The US Secret Service, recently tested facial recognition software using footage from the existing closed-circuit television (CCTV) system in the White House with a test population of Secret Service volunteers. The test was part of the Facial Recognition Pilot or FRP program to ascertain the accuracy of the software in identifying the volunteers in public spaces. The volunteers represented known “subjects of interest” that the software will eventually have to identify.
To counteract this, the Naval Air Warfare Center Weapons Division in China Lake developed adaptive facial recognition software. The brainchild of Katia Estabrides, the software requires much fewer data to train the algorithm and had the ability to incorporate and use new data as it comes in.
Adaptive facial recognition software
Scientists at China Lake have developed a new facial recognition software algorithm that uses biometric functionality and requires very little training data to be effective. The invention more generally relate to facial recognition and more particularly, to a new way of facial recognition processing needing only one image for initial training, allowing the invention to simultaneously classify and learn from unlabeled data.
The software constantly adjusts as new test data becomes available in real time. The new algorithm can tolerate changes in viewpoint as well as misalignments and changes in illumination and scale. It is particularly effective where data from multiple sensors is available. Access to data can also be customized and limited. The developed methodology focused on facial recognition; however, the techniques are expandable to other domains such as ship and target recognition.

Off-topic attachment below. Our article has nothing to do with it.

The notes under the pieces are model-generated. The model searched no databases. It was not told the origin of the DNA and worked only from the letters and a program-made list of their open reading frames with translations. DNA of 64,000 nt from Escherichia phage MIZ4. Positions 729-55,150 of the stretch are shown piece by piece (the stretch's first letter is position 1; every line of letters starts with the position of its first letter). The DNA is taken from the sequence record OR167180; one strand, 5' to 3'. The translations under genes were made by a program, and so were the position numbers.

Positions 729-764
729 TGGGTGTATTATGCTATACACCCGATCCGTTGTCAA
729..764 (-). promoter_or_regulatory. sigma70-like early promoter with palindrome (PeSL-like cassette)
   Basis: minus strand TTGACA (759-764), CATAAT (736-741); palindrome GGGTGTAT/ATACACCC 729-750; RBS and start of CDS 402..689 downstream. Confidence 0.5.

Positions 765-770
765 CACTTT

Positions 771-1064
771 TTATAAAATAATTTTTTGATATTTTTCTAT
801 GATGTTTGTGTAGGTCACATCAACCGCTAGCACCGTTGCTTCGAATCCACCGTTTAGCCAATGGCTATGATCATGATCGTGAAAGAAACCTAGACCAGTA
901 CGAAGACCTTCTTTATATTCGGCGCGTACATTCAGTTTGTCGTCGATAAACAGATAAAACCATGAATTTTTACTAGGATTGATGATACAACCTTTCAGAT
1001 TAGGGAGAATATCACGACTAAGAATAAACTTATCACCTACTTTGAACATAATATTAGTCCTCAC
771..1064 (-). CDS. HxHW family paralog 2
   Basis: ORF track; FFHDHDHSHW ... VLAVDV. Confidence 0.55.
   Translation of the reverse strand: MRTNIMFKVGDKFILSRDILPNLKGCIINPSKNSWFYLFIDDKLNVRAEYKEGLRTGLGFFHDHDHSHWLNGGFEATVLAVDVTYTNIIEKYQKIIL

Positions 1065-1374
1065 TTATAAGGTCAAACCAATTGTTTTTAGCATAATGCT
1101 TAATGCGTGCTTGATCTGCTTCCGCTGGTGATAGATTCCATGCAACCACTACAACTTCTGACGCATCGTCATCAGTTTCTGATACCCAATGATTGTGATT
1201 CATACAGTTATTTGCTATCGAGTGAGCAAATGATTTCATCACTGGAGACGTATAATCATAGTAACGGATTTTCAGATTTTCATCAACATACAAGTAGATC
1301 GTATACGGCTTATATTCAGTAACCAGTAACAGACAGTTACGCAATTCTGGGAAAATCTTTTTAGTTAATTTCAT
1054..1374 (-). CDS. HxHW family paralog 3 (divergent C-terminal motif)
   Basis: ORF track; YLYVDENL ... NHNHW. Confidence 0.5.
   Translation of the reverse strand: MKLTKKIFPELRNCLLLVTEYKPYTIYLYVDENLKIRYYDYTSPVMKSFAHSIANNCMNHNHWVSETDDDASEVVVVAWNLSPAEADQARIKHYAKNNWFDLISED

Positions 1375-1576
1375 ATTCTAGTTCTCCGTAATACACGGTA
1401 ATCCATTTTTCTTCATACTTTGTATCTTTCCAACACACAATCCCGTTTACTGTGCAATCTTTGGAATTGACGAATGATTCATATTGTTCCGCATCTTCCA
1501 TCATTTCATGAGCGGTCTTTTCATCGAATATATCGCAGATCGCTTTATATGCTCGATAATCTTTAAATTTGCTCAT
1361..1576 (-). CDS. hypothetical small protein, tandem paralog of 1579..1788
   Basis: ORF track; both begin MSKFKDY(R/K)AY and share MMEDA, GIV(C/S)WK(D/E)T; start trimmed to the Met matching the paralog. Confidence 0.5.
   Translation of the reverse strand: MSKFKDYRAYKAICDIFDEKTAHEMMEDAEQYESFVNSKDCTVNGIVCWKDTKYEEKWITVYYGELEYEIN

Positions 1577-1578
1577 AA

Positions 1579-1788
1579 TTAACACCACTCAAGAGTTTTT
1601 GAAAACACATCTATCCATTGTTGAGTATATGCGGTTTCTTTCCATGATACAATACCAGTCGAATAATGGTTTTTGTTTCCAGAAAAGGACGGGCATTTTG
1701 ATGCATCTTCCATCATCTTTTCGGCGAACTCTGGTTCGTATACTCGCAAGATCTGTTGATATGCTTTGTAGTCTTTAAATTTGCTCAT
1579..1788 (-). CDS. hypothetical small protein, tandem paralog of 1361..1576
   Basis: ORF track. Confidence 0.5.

The system includes a photo album tool where a user can select a face or faces to be found within the data set. A system and method for adaptive face recognition includes at least one electronic processor having a central processing unit. At least one database having a plurality of pixilated face images of known subjects of interest is associated with the processor. At least one test image of a new subject of interest is configured for input into the electronic processor. A classification processing tool is associated with the electronic processor. The classification processing tool is configured to build a dictionary and provide a classification match of the test image with one of the pluralities of pixilated face images of known subjects of interest. At least one device is associated with the processor and configured to output the classification match in a tangible medium.
A good use for this type of software is to identify friend from foe. The military typically keeps multiple records of identification of their personnel, which certainly includes photos. The software can quickly identify faces that are not in its database, tag it, and alert personnel about the presence of unauthorized personnel. This can be a valuable asset in an active battlefield. While the software focuses on facial recognition and has military applications in this guise for identifying authorized personnel, it may also be adapted to recognize ships and electronic warfare-specific emitters or signals as needed.
These visible light face recognition methods completely fail when there is no sufficient light or complete darkness.
Infrared imaging helps in capturing the facial images even under complete darkness. Use of Thermal IR imaging in face recognition enable it to be invariant to even extreme illumination changes. Face recognition using the visible spectrum may not work properly in low lighting conditions.
US Army develops face recognition technology that works in the dark
Army researchers have developed an artificial intelligence and machine learning technique that produces a visible face image from a thermal image of a person’s face captured in low-light or nighttime conditions. This development could lead to enhanced real-time biometrics and post-mission forensic analysis for covert nighttime operations.
Thermal cameras like FLIR, or Forward Looking Infrared, sensors are actively deployed on aerial and ground vehicles, in watch towers and at check points for surveillance purposes. More recently, thermal cameras are becoming available for use as body-worn cameras.